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The Dinnertime Wars

(by JP Sebastian)

Mother is crying. This upsets me, but it doesn’t make me any more likely to eat the brownish gray slab quivering on my plate in a puddle of congealed gravy. I try to mollify her; I take the smallest piece of the vile thing on my fork and attempt to chew it. I spit it out on the plate. I can’t make myself swallow. I’m utterly convinced this is not food. My four-year-old brain cannot comprehend why my darling mother; whom I love and adore, would pull such a mean joke on me, making me eat this…this thing, that is clearly not food. It might be shoe leather but it isn’t food. This is the sort of prank my older brother would try, but not Mom. Why would she do this? I just didn’t get it, but the joke played out each night at the dinner table.

Most nights, the cats assembled hopefully under my chair, eager to rescue me from this awful punchline. There was always a moment of distraction when I could dump the vile stuff onto the floor. Brothers are great at creating distractions, especially at dinner. Some nights, alas, my brother was well behaved, and Mom had a few seconds to notice that I wasn’t falling for her joke. Then the pleading would begin, followed by stern warnings and the ultimate: “If you don’t eat your meat, you can’t have any dessert,” which, I’ll admit, did work some of the time, depending on the chocolate content of the aforementioned dessert. But most nights I wasn’t having any of it, and no threat of missing dessert or the coveted 8 o’clock TV hour could move me. Then would come Mom’s tears.

We remained at loggerheads for so long that the advice of a professional was required. Off we went to the doctor’s office. More tears. “I just can’t get this child to eat any meat,” she wailed plaintively.

I felt this was an overreaction on her part, or sublime commitment to a joke. My family does have a peculiar sense of humor.

The doctor frowned sternly, looked in my ears, listened to my lungs, tapped my knees with that little hammer, then turned to my mother and pronounced, “If the child won’t eat meat, just give her peanut butter.”

Aha, vindication! I knew I didn’t have to eat that stuff!

The doctor rambled on, placating my mother’s histrionics, but I stopped listening. It was the first time I’d scored a point on the established order, and it felt good.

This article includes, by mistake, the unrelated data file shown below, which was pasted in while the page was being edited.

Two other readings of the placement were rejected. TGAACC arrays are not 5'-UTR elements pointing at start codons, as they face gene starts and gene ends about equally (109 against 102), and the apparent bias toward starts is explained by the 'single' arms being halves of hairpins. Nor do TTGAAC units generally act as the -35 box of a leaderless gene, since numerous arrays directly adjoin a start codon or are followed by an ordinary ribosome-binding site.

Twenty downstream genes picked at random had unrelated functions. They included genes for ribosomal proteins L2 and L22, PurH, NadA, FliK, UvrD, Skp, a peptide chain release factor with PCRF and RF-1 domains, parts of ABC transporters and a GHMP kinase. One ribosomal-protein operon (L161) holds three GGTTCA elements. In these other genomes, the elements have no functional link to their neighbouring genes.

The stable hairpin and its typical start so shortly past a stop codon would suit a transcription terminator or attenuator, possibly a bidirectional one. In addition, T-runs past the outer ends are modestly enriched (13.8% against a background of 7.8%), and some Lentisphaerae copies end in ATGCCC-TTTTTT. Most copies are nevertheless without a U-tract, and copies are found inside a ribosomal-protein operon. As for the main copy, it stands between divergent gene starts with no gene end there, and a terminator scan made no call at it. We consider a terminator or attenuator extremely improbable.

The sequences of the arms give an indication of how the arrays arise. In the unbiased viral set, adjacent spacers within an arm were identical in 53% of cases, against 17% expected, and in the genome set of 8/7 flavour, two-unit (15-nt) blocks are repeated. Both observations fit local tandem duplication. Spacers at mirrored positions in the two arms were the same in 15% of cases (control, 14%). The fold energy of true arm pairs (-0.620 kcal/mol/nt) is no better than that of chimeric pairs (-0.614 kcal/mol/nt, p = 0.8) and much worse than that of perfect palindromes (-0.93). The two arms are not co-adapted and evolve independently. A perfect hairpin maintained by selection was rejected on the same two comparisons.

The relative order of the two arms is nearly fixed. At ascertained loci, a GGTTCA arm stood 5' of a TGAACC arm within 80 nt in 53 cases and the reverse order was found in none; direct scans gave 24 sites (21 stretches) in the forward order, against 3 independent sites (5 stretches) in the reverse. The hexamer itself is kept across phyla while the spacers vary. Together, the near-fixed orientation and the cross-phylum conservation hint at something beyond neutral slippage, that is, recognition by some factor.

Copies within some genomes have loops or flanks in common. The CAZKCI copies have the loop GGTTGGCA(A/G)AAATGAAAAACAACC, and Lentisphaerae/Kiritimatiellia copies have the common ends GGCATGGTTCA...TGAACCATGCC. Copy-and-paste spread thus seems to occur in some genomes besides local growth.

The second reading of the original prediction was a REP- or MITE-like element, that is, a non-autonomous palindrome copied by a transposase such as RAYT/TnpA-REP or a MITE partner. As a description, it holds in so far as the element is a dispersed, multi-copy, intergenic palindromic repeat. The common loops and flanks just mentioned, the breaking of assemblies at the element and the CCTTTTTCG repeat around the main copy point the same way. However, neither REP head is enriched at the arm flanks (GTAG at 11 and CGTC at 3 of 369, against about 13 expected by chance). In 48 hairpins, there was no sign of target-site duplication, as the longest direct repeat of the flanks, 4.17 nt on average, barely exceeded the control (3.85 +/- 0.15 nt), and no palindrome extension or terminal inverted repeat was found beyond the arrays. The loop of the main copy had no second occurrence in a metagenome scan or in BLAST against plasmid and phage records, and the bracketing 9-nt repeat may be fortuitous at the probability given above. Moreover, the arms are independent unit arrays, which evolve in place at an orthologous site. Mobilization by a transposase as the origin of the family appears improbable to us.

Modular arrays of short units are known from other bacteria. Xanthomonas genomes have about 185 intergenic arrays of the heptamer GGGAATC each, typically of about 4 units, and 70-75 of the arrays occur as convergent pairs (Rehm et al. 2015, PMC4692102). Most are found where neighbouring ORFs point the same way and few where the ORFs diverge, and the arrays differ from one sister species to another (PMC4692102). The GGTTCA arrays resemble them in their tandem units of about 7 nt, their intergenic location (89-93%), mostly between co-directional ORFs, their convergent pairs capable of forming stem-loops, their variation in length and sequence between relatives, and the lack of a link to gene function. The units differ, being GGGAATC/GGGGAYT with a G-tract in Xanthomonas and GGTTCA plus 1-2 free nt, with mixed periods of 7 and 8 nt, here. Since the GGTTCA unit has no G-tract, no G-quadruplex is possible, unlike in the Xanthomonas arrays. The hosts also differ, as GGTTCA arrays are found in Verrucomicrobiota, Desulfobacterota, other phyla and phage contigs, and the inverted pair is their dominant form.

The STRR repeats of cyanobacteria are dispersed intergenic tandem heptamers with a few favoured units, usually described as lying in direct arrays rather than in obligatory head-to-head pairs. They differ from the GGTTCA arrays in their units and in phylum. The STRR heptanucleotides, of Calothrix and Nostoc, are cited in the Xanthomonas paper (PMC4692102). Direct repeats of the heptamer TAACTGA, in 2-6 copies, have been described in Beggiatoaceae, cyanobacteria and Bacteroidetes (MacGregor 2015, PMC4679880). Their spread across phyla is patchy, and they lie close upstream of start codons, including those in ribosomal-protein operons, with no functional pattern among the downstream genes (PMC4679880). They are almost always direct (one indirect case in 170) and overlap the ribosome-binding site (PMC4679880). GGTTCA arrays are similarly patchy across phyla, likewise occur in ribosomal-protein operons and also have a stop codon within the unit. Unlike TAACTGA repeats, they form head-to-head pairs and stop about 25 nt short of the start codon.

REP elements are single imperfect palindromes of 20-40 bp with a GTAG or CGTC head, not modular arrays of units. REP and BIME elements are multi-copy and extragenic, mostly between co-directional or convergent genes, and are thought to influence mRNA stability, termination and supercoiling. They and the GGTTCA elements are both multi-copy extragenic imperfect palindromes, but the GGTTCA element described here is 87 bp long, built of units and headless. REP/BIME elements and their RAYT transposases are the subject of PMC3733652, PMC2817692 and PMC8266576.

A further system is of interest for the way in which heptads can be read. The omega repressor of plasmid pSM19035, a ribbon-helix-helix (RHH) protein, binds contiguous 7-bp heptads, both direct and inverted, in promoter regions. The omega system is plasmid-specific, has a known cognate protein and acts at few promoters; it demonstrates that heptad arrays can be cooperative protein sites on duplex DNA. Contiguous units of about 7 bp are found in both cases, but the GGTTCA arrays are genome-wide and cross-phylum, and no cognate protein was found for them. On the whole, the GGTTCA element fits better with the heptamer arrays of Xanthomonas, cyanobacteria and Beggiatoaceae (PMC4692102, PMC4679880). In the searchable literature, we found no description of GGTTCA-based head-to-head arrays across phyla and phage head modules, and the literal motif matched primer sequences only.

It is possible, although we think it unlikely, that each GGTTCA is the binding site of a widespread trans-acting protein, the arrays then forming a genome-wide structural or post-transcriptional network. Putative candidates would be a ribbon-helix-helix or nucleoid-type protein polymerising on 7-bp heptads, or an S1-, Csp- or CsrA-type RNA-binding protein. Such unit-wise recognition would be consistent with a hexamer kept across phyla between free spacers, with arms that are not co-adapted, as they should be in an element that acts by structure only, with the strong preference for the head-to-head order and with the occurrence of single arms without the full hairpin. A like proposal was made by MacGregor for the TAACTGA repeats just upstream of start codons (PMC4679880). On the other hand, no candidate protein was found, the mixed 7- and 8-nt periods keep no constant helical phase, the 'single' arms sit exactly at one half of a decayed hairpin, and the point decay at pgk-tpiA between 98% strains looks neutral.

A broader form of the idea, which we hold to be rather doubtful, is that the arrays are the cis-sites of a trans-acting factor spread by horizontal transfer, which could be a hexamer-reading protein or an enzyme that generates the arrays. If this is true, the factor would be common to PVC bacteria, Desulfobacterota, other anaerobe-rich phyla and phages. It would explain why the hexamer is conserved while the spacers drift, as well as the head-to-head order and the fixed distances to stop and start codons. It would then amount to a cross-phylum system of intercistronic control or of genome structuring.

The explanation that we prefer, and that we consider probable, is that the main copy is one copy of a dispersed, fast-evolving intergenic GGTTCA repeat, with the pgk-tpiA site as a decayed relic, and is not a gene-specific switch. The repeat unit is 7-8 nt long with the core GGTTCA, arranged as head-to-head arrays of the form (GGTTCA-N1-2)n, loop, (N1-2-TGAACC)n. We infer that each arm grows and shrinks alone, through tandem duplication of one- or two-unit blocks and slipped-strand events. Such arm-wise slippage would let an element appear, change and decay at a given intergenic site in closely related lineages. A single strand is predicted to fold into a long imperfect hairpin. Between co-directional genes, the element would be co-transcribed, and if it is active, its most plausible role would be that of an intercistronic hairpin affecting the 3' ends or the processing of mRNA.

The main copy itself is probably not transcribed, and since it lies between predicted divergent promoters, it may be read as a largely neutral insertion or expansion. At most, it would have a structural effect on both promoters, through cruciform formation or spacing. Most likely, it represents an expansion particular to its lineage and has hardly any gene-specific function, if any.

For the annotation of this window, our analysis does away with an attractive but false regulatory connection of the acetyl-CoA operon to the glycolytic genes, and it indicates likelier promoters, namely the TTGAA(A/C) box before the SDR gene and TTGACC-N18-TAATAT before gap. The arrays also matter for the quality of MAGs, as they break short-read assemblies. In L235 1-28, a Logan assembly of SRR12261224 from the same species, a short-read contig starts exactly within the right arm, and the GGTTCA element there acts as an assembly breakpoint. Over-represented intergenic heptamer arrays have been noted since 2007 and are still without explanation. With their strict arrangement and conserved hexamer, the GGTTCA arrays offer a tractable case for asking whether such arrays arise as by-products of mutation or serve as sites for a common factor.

The dinnertime wars were called off, and for the rest of the summer we all enjoyed peaceful meals in our West Philadelphia home—except perhaps for the cats, who inexplicably started losing weight.


JP Sebastian is a writer currently enjoying a sabbatical in the Pacific Northwest while writing her next novel, gardening, and downloading too many Kindle books. She can be found on Facebook.

Brussels Sprouts Pasta with Lemon and Ginger

(Not a recipe my mother would prefer, but I can’t get enough of it.)

4 T. olive oil

2 t. garlic powder or 1 clove fresh garlic, minced

2 - 3 t. ginger powder or 1 - 2 t. fresh ginger or ginger paste

2 - 4 c. Brussels sprouts, peeled and cut in quarters or halves

1 -2 t. lemon juice or half a fresh lemon

salt and black pepper to taste

8 oz. spiral or tube pasta

2 - 3 T. butter

1 c. grated Parmesan cheese

Heat olive oil uncovered in large non-stick skillet over medium heat.

Add garlic and ginger, and sauté until golden brown.

Add Brussels sprouts, toss to coat in oil and spices, and sauté 2 - 3 minutes over medium heat.

Add 2 T. water and lemon juice (start with 1 t. and add more if desired).

Cover and simmer for 3 - 5 min. over medium-high heat.

Add 2 T. water, reduce heat to medium, cover and simmer until Brussels sprouts are tender, adding more water or oil if they start to stick to the pan.

Add salt and pepper to taste.

Meanwhile, cook pasta, drain, and toss with butter, Parmesan cheese, and additional lemon juice

Serve Brussels sprouts on top of pasta, sprinkling with additional cheese.

Makes 3 - 4 servings

(Rice or quinoa pasta can be substituted for a gluten-free option. Asparagus or green beans can be substituted for Brussels sprouts.)


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